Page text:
Irelands Last wilderness

Irelands Last wilderness 


 An Port is a breathtakingly beautiful bay in one of the most remote locations on mainland Ireland. It lives at the end of a winding 20 kilometre single track laneway and is the gateway to Ireland’s last wilderness. Living along this coast are a huge collection of outrageous sea stacks and very remote sea cliffs. This article details a selection of outstanding and in some cases, world class rock climbs, view points and Irish seascape found along this very isolated coastline.

unnamed9  Glenlough Bay film

By following the cliff top path north east from An Port road end for three kilometres will take you to a view point overlooking Glenlough Bay. This bay stretches for 2 kilometres from Tormore Island at it’s southern end to the End’s of the Earth Stack at it’s northern end. Glenlough Bay contains one of the largest raised shingle storm beaches in Ireland and on a day of huge north west sea motion the roar of several million tonnes of shingle being moved up and down the beach by the incoming seas can be deafening even from the cliff tops over 300 metres above the beach. This 1 kilometre long raised shingle storm beach is very effectively guarded from all sides by steep sided 250 meter high slopes of scree and cliffs and from the sea by the huge north Altantic swell.

unnamed10  The Outer Edge of Donegal

Glenlough contains a vast amount of excellent, if a little adventurous rock climbing. At the southern end of the bay sits Tormore Island at 148 metres at its summit, this is Ireland’s highest sea stack. This huge square topped stack can be seen for many kilometres along the coast either side of it. It can even be clearly seen from the Dungloe/Kincaslough road some 40 kilometers to the north. In the centre of the bay a further three huge sea stacks sits. Each of these three sea stack present a very different mountaineering challenge for the aspiring summiteers. By far the hardest and potentially the most dangerous of these climbs is the most northerly tower named Jenga Tower and for anyone who has played Jenga, you will get the idea of the rock quality on the sea stack. Running along the north wall of Glenlough is the aptly named “The End’s of the Earth Crag,” this cliff is a contender for most remote rock climbing location in Ireland and provides excellent slab climbing in a truly mind blowing location above a huge sea level blowhole.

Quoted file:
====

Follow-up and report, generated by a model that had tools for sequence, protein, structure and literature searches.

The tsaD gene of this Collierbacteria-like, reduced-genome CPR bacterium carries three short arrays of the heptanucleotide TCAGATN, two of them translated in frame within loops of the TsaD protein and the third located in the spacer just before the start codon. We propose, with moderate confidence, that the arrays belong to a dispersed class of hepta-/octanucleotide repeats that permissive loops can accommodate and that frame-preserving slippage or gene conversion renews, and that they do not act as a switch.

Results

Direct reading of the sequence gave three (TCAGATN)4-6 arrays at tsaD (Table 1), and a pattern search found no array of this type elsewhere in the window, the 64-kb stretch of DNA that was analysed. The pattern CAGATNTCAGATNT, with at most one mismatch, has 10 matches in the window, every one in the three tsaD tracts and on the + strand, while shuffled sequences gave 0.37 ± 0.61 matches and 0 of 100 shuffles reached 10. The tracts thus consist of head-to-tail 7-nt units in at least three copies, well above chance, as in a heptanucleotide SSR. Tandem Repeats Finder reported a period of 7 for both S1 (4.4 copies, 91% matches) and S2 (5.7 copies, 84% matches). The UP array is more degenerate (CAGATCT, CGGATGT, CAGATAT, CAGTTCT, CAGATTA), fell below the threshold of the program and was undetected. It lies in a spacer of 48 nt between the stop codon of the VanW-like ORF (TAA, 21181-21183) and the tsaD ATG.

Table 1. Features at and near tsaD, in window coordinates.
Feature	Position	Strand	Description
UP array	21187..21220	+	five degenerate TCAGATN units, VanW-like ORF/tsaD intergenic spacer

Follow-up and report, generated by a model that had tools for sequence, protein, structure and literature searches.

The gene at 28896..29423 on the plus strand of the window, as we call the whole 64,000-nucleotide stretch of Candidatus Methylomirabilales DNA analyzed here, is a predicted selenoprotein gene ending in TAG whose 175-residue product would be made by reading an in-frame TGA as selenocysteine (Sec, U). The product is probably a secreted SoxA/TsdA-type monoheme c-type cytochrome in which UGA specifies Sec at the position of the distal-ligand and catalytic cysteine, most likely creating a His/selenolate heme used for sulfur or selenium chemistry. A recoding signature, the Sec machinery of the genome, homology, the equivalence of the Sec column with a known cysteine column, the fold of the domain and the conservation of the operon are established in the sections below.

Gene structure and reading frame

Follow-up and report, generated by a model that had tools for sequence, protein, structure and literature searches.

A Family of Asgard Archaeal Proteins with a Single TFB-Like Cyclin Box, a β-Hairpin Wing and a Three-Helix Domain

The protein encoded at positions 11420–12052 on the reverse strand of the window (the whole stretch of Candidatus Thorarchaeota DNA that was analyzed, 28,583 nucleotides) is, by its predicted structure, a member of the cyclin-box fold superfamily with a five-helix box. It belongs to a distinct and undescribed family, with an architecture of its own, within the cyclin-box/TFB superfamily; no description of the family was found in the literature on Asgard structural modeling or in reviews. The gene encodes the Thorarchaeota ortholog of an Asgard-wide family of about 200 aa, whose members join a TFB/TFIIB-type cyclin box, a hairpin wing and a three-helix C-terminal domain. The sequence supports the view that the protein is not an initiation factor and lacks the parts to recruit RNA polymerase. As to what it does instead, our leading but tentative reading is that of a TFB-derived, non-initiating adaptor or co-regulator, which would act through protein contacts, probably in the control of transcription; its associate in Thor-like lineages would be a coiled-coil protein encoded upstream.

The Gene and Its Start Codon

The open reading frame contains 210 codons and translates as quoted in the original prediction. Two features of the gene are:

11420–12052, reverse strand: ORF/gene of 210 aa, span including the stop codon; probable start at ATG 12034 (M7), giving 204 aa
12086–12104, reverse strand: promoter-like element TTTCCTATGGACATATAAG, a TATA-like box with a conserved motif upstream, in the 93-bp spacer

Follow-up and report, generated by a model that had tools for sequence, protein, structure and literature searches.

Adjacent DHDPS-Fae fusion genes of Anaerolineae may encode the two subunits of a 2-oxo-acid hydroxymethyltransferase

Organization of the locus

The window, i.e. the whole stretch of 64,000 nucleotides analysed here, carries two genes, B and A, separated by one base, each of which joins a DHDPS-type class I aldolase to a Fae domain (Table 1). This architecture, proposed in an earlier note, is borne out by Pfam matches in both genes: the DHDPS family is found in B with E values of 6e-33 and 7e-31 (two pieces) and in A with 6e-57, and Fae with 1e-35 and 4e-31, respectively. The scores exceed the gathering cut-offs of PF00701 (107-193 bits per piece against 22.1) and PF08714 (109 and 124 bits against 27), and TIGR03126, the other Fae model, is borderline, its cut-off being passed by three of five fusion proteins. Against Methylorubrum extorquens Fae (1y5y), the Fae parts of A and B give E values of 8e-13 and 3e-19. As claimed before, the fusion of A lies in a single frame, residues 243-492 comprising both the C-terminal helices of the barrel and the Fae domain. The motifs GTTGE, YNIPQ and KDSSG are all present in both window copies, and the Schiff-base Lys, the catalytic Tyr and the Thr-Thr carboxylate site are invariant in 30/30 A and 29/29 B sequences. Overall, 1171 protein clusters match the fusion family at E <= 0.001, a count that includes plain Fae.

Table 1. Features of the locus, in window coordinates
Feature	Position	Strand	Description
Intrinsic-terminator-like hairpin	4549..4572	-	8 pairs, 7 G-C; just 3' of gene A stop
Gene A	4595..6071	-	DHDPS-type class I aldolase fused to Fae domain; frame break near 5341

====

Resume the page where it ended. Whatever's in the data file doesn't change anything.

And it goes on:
unnamed2  The Ends of the Earth Stack

Guarding the northern end of the bay is the lonely End’s of the Earth Stack, This 25 metre high sea stack sits in one of the most beautiful and remote locations in Ireland. It sits 300m out to sea from the lonely wee bay to the north of Glenlough. To the south you have the vast expanse of Glenlough Bay continuing south along the West coast to Tormore Island and to the east you have the vast expanse of the north coast of the Slievetooey Peninsula. Its location ensures it attracts the confliction tidal streams from both the south and north west causing a colossal amount of white water violence in the bay surrounding the base of the stack and standing on its summit is a moment you will remember for a very long time.

Iain miller is a rock climber and hill walker living working and playing in Co Donegal in the north west of Ireland. His website is and it details over 100 climbing locations and a shade under 3000 rock climbs throughout Co Donegal.

Reference links   Free Donegal Sea Stack Guidebook

A very big thanks to Iain Miller

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